The lead into this was a bit trying, with uncertainty on how to begin this. Punk comes in a variety of flavors, and everything isn’t always edible. Where are we going with this? Well, Julia, Julia is the brainchild of Julia Kugel, singer/guitarist for Atlanta’s The Coathangers and her new solo project couldn’t be any further removed from the sound of the band. Derealization (Suicide Squeeze) is the album here in question, projecting a softer side of Kugel we may have never known existed within.
For the most part, Kugel’s cooing vocals are impactful but not for the reasons you may think; seems it’s more about the compositions themselves that are meant for further study. Take “Forgive Me” as an example, where her voice floats throughout, as background harmonies drift around, but it’s the acoustic guitar, wind instruments, and sparse percussion that we should take note of. As everything is meshed, it’s pretty phenomenal. There’s a juxtaposition within that shouldn’t work but it does. Then there’s “Fever In My Heart,” with a subtle but infectious melody that’s encapsulated in its simplicity but takes nothing away from the music itself. The multiple harmonies find a happy meeting place as they swing back and forth delicately. They bend but don’t break.
I find myself completely enraptured within “No Hard Feelings,” filled with heartbreak alongside just Kugel’s sole guitar. Her effected vocals add so much depth to the song that it seems to become more than just a singular instrument. But it’s the slight dirge of “Do It Or Don’t” that I keep coming back to, as it seemingly drags but doesn’t. The horns that fill the atmosphere play off somewhat like a Louisiana funeral march but here it’s beautifully enchanting as are Kugel’s vocal melodies.
With Derealization, it seems Julia Kugel is doing something different, with her voice, her instrumentation, and song structures themselves. While others artists have affectionately filled songs with cooing vocals, Kugel seems to move…differently here. Everything is purposeful and we see the challenge she’s making to listeners. It’s done all too well.
As we move further into the tail end of the year, for some reason it seems artists seem to up their game. At this point, while there’s no certainty that it happens every year except in 2022, it seems to be happening at a steady pace. It hasn’t happened at a staggering rate but it’s enough for anyone to take notice. This leads us now to NY by-way-of Charlotte, NC artist LUCI, who isn’t easy to figure out, genre-bending through soulful R&B, Hip-Hop, Punk, while also incorporating and an assortment of afro rhythms on her debut EP Juvenilia (Don’t Sleep).
From the start, Juvenilia burns with the essence of Caribbean fire as the deep alluring bass & drum loops of “Ash and Dust” collides with LUCI’s unique cadence and vocal interplay. She sets the tone from the get-go here, with no fucks given. When she hollers “…They never met a bitch like me/assassinate the character/you gonna have to come fight me” one gets the sense that they can come at her but may encounter a fuck-around-and-find-out scenario. The track is visceral and energetic allowing everyone to engage with LUCI. It doesn’t prepare anyone though for the self-deprecating “Am I Good,” as LUCI wraps all her hate, her love, her sadness, into one track. It’s clear through the chorus when singing “I’m fucked up for real,” but she adds she “never gave a fuck,” with clear attempts to work on her own mental sanity through therapy. We get a sense that when she sings, “I smoke, I smoke, I smoke the pain away,” she’s caught in a continuous Groundhog Day momentum. Her words are touching, overlaying vocals throughout, beautifully collected while offering a sense of tugging emotions in different directions.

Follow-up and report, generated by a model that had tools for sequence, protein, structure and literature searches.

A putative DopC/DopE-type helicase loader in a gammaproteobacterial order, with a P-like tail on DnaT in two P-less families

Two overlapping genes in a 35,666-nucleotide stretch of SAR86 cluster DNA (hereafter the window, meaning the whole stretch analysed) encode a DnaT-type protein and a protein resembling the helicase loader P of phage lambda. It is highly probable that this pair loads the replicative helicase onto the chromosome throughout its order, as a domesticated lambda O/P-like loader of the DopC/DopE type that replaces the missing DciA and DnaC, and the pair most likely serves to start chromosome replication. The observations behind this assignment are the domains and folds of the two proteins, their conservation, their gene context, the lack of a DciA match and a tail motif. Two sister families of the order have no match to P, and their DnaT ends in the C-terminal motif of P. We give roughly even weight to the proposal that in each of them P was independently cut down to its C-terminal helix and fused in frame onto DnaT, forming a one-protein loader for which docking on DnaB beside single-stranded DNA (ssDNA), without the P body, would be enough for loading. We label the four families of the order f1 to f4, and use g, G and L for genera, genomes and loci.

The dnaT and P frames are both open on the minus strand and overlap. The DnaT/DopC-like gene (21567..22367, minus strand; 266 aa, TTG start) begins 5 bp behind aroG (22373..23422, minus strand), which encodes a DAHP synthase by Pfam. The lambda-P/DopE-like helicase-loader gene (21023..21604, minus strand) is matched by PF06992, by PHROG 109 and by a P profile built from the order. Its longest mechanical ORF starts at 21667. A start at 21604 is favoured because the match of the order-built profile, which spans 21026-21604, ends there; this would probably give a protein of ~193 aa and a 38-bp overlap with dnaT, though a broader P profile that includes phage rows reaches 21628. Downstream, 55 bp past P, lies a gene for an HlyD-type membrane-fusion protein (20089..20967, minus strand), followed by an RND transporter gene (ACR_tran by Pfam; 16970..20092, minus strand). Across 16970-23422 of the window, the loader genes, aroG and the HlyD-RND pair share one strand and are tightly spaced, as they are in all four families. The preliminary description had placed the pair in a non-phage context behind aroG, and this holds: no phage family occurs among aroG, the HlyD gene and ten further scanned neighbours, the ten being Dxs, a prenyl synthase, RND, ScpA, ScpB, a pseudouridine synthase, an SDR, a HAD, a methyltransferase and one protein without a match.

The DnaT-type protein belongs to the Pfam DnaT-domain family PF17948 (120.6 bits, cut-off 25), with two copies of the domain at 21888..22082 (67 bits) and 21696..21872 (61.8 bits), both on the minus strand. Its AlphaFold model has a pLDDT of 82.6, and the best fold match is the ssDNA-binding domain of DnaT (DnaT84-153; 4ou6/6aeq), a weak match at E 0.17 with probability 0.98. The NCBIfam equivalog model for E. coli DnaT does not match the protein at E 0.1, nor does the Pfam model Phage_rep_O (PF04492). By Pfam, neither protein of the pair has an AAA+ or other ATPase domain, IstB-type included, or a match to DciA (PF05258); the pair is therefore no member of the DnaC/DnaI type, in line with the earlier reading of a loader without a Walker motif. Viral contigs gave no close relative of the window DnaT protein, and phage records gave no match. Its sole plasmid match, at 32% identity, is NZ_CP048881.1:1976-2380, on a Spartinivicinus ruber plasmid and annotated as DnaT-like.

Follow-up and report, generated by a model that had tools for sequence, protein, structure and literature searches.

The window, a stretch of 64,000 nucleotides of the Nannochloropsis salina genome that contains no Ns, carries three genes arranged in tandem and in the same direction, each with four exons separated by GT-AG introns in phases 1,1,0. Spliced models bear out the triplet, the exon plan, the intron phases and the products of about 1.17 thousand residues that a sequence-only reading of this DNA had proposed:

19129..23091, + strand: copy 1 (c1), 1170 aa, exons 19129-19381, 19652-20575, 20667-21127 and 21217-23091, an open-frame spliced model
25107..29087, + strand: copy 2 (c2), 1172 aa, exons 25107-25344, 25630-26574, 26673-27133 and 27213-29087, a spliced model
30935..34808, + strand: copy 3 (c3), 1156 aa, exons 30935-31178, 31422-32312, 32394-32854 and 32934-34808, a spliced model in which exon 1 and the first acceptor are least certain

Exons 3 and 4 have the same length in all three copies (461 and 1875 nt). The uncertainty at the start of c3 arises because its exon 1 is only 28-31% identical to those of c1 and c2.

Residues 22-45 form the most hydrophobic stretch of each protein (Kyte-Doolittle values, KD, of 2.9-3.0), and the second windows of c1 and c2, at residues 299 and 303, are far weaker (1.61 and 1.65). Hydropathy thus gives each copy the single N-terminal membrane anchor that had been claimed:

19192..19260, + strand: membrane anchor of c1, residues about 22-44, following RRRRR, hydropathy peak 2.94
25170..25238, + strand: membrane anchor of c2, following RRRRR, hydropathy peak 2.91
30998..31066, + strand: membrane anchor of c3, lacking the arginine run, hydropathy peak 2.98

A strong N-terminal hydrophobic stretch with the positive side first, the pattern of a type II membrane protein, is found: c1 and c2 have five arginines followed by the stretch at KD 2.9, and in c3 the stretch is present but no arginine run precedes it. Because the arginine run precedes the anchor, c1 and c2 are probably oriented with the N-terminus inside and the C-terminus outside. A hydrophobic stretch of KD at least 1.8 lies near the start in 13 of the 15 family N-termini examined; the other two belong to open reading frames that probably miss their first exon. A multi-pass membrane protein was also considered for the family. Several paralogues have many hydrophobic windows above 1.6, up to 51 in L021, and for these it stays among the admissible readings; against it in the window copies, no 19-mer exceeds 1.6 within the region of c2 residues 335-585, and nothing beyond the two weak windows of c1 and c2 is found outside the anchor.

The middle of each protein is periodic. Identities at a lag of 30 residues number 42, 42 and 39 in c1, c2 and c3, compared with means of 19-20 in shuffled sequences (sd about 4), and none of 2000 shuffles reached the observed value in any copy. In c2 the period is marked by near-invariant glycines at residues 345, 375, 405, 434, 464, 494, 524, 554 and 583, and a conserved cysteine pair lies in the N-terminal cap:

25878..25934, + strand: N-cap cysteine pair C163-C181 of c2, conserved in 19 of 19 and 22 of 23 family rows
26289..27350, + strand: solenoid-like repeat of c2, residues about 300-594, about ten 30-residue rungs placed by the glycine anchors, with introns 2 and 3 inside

While she does pull from varying genres, no two songs are the same while still remaining unquestionably LUCI. This isn’t an easy task and when “Do You” hits, there’s familiarity in the delivery but it’s not what anyone may have thought of, or even remember (“But that is a story for another time.” – Mako). The musical soundscape brings her emotionally charged lyrics to life as she interjects infectious melodies. It’s captivating and it literally seems never-ending. But it’s when “UK Lollipop” hits where everyone should realize LUCI is meant for greater things. There are moments of UK Trip-Hop that linger beneath the surface, here it becomes much more obvious without overpowering. Incorporated within are semblances psych-rock cooings that allows LUCI the option to move beyond her own vision. This song is massive, a beast of a track meant for mass consumption on multiple levels. The EP closes with “STOP PLAYIN,” which opens with LUCI’s self-realized vocals over African-centric percussion, which is layered through most of the song, offering a unique juxtaposition with layered melodies throughout. It’s both majestic and grounded at the same time.
Does Juvenilia honestly need further explanation? As soon as you hit the play button it becomes clear that this debut sets the bar, not for any assumed competition but for herself. Is this the greatest release of 2022? Quite possibly.